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On the last sunny Wednesday of summer, the KPMG High Growth Tech team was delighted to host a mixer evening with Nexters. It was a fantastic night, with over 50 organisations and tech-enabled companies represented on a packed guest list – so it was lucky we had ordered so much pizza and beer!

Gathering in the KPMG roof garden, there was a great buzz of entrepreneurs and investors. Start-up founders discussed tech-enabled solutions for education, energy, arts, social inclusion, music, ethical investments and sports, and engaged with funders, solicitors and angels. I was particularly impressed by the skills and passion so evident in all of the people I met. It brought home to me how great start-ups are often real labours of love to improve life in some way. Three recent start-ups gave inspiring talks that confirmed this for me.

Jason Bates from Freeformers explained how his start-up – a new member of Nexters – is able to balance commercial reality with social benefit. It’s all down to the transformative power of tech, as Jason said, “Technology has moved so fast and so amazingly in the last few years that what’s possible now – in terms of throwing up servers, using free frameworks, leveraging platforms – is just amazing. But large organisations have largely been left behind.”

The fast pace of technology presented Jason with an opportunity to train corporates to understand and work with tech-enabled businesses, and to share this training with young people who would not otherwise have the opportunity. He said, “Every corporate workshop we do sponsors our work with young people, which is really our passion. We see this great skills gap, there’s some amazing opportunities for young people if they can just get into tech, so that’s really why we’re here.”

Education also motivated Frédéric Kastner to launch The Virtual School. This is an initiative to create a free and comprehensive global education programme, made available under a creative commons licence and digitised so that everyone in the world can gain a secondary school-level education. Frédéric said, “We are trying to cover 3,500 videos for Science, Maths, English as a Foreign Language and ICT Literacy. The materials are universal – very high quality. We work with what we think are the best teachers in the UK, and then we translate the content for everyone.” Ultimately, Frédéric hopes to develop links with the United Nations, UNICEF and UNESCO to make these resources freely available across the world. It’s a remarkable and huge vision.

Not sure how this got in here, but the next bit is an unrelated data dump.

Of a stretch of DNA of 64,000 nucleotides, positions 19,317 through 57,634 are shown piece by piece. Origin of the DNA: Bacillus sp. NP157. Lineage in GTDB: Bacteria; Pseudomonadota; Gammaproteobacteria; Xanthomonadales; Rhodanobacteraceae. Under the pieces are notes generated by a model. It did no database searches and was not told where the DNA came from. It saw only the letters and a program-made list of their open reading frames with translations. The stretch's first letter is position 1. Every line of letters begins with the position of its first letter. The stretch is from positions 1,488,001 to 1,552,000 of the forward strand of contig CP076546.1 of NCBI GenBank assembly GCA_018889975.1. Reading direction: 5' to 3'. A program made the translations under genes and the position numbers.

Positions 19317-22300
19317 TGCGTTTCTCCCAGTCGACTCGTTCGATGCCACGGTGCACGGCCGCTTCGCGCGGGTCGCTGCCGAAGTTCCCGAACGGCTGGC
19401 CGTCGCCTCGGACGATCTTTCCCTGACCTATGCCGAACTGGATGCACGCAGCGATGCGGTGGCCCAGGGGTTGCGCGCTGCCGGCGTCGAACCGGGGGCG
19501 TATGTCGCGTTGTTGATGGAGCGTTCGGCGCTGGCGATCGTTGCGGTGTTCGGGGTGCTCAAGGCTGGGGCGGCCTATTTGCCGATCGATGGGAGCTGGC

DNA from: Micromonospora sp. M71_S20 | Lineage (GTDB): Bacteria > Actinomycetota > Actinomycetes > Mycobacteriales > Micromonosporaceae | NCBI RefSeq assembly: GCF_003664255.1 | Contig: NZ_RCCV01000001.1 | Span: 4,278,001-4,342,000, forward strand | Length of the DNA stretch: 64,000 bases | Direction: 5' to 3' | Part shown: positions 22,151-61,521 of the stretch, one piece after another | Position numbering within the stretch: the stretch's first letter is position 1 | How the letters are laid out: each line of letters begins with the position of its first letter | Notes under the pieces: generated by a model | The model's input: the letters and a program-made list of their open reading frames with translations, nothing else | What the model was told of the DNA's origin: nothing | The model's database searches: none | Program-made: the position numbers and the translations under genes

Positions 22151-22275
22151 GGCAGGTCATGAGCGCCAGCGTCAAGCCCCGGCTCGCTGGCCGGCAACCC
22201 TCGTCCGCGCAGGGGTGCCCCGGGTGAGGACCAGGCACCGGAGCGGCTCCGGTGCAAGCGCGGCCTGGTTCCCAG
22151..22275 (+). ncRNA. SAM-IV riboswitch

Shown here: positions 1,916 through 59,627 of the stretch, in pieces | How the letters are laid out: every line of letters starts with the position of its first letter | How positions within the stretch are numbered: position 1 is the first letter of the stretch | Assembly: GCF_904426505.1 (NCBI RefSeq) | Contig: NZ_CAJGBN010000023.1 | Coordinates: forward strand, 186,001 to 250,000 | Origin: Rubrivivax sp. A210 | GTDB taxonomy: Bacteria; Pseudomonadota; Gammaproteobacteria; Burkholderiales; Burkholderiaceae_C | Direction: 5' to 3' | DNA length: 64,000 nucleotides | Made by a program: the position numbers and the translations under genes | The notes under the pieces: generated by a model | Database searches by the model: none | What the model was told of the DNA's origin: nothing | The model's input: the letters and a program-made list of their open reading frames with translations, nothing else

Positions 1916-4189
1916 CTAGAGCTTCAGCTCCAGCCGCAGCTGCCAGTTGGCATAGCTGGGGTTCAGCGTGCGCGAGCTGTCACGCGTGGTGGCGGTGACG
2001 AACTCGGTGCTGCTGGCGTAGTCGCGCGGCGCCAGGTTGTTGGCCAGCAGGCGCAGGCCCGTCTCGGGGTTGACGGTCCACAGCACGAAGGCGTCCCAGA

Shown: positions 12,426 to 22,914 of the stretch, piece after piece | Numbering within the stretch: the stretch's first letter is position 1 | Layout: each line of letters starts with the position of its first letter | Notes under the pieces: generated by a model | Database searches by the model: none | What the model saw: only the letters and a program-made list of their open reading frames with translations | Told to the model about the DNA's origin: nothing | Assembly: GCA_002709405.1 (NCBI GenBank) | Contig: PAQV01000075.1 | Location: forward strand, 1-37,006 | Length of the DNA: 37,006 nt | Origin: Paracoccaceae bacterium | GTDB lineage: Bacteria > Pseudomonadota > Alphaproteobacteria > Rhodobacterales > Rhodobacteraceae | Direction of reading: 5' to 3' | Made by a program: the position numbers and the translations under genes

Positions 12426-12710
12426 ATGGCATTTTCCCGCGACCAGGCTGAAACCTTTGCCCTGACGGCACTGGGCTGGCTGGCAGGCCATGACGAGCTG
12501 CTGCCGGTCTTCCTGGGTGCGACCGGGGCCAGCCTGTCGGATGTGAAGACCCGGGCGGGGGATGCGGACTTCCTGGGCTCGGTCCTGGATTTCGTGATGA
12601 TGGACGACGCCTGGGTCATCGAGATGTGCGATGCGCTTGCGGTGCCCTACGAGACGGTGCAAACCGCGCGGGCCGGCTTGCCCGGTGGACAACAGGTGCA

Finally, Ewan Marshall of SpeakSet talked about using tech to lessen loneliness and isolation for older people. Currently preparing to raise seed funding, SpeakSet have designed a simple and effective set-top box solution based on concept research and development with older people. “We’re twenty-year-old guys,” Ewan said, “we have no idea how it is to be older! Absolutely everything we design comes from our users. Right now we’re going into trials with four different organisations, from CCGs, through to care homes and GPs.”

I wish I had enough space to also tell you about all the great conversations I had during the mixer, like with Sam Gill from the Environmental Investment Organisation (EIO), on how publicly reported environmental data – such as carbon emissions – can be applied to investment data, helping investors make informed decisions and address climate change. However, if I tried to cover everything from the event you’d be reading for a very long time!

I’d like to take a moment to publicly thank Nexters for collaborating with us to make the end of summer mixer such a success.

Watch this space for news of the next mixer!